A series by: William E. Simpson II as published in The Sierra Nevada Ally
The morning sun illuminated the Cascade-Siskiyou Mountains around my cabin in the wilderness. Just outside my window stood a beautiful wild mare with her new foal, and I wondered. Her mighty stallion standing watch nearby for any approaching predator, and again I wondered; will there be any of their kind left in America in 20-years?
There is literally a war being fought right here in the United States between Ranchers (livestock industry) and a handful of genuine wild horse and burro advocates who are trying to save native species American wild horses from extinction; at all costs. And yes, I could be considered an advocate for American wild horses and a plan to save them.
Some of us, including myself, are funding our efforts out of our own back pockets instead of asking others for money.
And there are a few ‘non-profit’ wild horse activists (not sanctuaries) making a very good living off the plight of American wild horses. These activists, who pay themselves handsomely from donation-income present a problem when it comes to implementing any genuine solution. These activists are faced with a conflict of interest; let me explain:
If the conflict between public land stakeholders and wild horse advocates is suddenly solved satisfactorily for a majority of stakeholders, then most of these well-paid activists would have to find new jobs. And therein is the problem.
That said, there are a few activist/advocates organized as non-profits still out there who work as advocates and activists for a pittance out of the sheer love they have for our native species wild horses, which are a National Treasure. One of the many such people that comes to mind is Mr. RT Fitch, a man whose love for wild horses and animals is sincere. He is one of the serious advocates who would be happy to work his way out of a job if it would save America’s wild horses. That, I admire.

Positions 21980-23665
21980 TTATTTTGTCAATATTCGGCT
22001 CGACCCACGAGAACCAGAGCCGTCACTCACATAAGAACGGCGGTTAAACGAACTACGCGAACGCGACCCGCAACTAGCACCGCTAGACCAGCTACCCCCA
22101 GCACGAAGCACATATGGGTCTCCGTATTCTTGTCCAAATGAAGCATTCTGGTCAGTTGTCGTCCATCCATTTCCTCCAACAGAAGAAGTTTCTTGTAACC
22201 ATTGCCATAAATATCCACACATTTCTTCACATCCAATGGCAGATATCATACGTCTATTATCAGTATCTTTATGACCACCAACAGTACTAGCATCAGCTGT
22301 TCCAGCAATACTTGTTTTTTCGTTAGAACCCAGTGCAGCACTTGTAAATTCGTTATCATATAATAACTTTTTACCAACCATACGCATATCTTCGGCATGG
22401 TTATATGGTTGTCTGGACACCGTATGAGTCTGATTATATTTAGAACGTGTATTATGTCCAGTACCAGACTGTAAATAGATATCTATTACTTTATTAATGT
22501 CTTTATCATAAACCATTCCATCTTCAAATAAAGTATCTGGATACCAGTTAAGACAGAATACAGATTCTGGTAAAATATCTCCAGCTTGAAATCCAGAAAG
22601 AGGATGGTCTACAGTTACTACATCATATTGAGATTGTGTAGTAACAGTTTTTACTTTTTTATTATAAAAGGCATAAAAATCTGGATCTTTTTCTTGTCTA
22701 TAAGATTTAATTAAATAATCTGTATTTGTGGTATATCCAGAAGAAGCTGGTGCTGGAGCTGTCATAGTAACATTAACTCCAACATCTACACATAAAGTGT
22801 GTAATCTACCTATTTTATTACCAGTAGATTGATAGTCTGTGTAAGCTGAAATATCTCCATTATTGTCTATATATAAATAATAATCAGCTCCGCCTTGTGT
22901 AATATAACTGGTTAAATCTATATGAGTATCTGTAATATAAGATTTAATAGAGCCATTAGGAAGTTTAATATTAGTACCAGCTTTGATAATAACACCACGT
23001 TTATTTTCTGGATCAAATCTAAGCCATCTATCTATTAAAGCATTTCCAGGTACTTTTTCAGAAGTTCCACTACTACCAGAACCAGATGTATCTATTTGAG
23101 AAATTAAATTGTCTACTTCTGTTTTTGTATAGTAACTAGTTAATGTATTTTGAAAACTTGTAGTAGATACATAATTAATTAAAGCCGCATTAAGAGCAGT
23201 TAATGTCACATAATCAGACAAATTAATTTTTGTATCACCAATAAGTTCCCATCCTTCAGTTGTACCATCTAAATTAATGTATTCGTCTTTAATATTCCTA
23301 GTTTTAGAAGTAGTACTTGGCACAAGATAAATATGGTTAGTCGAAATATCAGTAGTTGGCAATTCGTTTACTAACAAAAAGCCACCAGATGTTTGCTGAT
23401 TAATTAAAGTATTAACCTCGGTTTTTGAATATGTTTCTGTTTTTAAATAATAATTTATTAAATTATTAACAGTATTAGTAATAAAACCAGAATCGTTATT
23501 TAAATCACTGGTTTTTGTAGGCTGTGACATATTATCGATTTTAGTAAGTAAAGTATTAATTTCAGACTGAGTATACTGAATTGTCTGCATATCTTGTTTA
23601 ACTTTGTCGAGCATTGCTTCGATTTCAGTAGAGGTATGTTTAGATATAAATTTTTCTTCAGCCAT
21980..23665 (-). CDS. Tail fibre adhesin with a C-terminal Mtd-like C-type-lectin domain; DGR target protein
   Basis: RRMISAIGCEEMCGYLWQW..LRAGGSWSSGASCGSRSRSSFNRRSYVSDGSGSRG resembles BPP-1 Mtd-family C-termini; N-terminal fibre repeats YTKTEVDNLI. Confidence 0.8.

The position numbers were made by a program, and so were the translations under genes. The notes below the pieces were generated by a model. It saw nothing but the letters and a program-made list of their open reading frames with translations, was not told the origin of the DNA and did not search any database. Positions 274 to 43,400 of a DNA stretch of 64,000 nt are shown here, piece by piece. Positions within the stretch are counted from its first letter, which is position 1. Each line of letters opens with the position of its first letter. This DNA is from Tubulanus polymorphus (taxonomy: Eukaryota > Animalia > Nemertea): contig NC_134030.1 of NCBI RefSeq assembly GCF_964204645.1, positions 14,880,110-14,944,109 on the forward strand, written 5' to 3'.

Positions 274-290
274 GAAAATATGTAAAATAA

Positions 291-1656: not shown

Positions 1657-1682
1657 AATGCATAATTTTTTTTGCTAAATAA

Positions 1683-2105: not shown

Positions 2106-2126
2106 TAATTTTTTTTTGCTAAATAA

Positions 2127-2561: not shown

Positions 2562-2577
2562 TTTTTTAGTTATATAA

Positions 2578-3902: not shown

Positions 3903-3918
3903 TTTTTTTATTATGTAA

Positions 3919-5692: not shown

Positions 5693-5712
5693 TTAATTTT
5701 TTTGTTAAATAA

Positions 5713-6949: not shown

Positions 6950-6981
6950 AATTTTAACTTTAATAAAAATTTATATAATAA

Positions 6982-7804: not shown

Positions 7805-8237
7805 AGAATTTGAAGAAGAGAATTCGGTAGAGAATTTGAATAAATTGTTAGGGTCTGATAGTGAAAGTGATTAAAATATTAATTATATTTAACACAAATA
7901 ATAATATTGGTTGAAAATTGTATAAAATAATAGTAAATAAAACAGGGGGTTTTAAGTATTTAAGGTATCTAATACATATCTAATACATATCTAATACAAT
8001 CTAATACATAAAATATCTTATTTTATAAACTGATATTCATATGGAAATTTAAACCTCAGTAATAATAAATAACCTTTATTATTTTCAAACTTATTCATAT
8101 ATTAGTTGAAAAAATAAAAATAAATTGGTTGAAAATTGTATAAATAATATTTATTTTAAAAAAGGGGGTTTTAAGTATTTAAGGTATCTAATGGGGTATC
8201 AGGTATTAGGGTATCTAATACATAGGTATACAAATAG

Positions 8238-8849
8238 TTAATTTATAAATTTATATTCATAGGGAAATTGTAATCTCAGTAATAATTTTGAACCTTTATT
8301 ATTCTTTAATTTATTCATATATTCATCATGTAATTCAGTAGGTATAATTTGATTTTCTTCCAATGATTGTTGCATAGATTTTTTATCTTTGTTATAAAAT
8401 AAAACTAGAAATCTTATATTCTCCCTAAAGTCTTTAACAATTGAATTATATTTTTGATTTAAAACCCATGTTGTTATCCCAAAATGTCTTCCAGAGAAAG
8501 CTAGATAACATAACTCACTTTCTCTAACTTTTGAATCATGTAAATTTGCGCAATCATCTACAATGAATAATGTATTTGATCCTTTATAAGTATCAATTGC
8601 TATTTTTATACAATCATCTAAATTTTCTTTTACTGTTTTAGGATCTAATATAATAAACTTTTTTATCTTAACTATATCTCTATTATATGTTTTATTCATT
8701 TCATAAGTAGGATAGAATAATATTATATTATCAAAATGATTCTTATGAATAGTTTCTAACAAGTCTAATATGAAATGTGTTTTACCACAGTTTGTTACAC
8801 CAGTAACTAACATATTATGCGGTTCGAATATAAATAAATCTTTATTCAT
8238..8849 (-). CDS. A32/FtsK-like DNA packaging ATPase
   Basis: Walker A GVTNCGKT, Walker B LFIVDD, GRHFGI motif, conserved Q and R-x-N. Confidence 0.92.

As this series will reveal; there is corruption, death, raging wildfires, deadly toxic smoke, high adventure, and colorful characters, lots of them. Some people might say I am one of those ‘characters’ in the political and ecological rodeo swirling around America’s wild horses and their management on public lands.
But there is also hope through a unique, highly understudied, and misunderstood solution that has already been proven effective, but is being intentionally ignored by people in both the government and by a few organizations in the ranks of wild horse advocates and activists. That solution is called the ‘Wild Horse Fire Brigade‘.
You see, unlike most wild horse advocates or activists, I live among free-roaming native species American wild horses in a mountain wilderness, where I have been privileged to study them for the past seven years.
I have to say that living among wild horses has been an amazing and enlightening experience. But life isn’t easy in the wilderness and sacrifices have been and are continuing to be made in order to live in an area that is very remote and off-grid. Large predators, like mountain lions and bears that regularly kill adult horses, roam the area.
But lions and bears aren’t the deadliest killers; some people would agree that mankind holds that position. Nevertheless, recently evolved catastrophic wildfires are devastating the western landscape, its forests, and wild animals by the millions annually.
Losing approximately 10-million acres of forest annually in the United States, along with the tens of millions of animals annually, where 20-80 animals are killed per acre of wilderness landscape burned by catastrophic wildfire, is clearly not sustainable for very long. We may have already passed the point of no-return, assuring yet another great extinction event on the planet. Only this time, instead of a comet or meteor, it will be mankind’s fault.
During the 2020 wildfire season in California, one wildfire termed a ‘giga-fire’ consumed approximately one million acres of land! Much of the landscape incinerated contained forests and wildlife habitat. The result was that one fire, out of hundreds burning that year in California, killed millions of animals; some were endangered or threatened species.
In 2018, the toxic smoke from the 38,000 acre Klamathon Fire that raged around my wilderness cabin, claimed the life of my wife of 47-years. We stayed behind when everyone else left or was evacuated as the fast-moving wildfire approached our part of the mountains. We stayed behind because of the wild horses. We had no idea how free-roaming wild horses would deal with an oncoming fast-moving catastrophic wildfire, and we had some serious concerns from past experiences…(CONTINUED)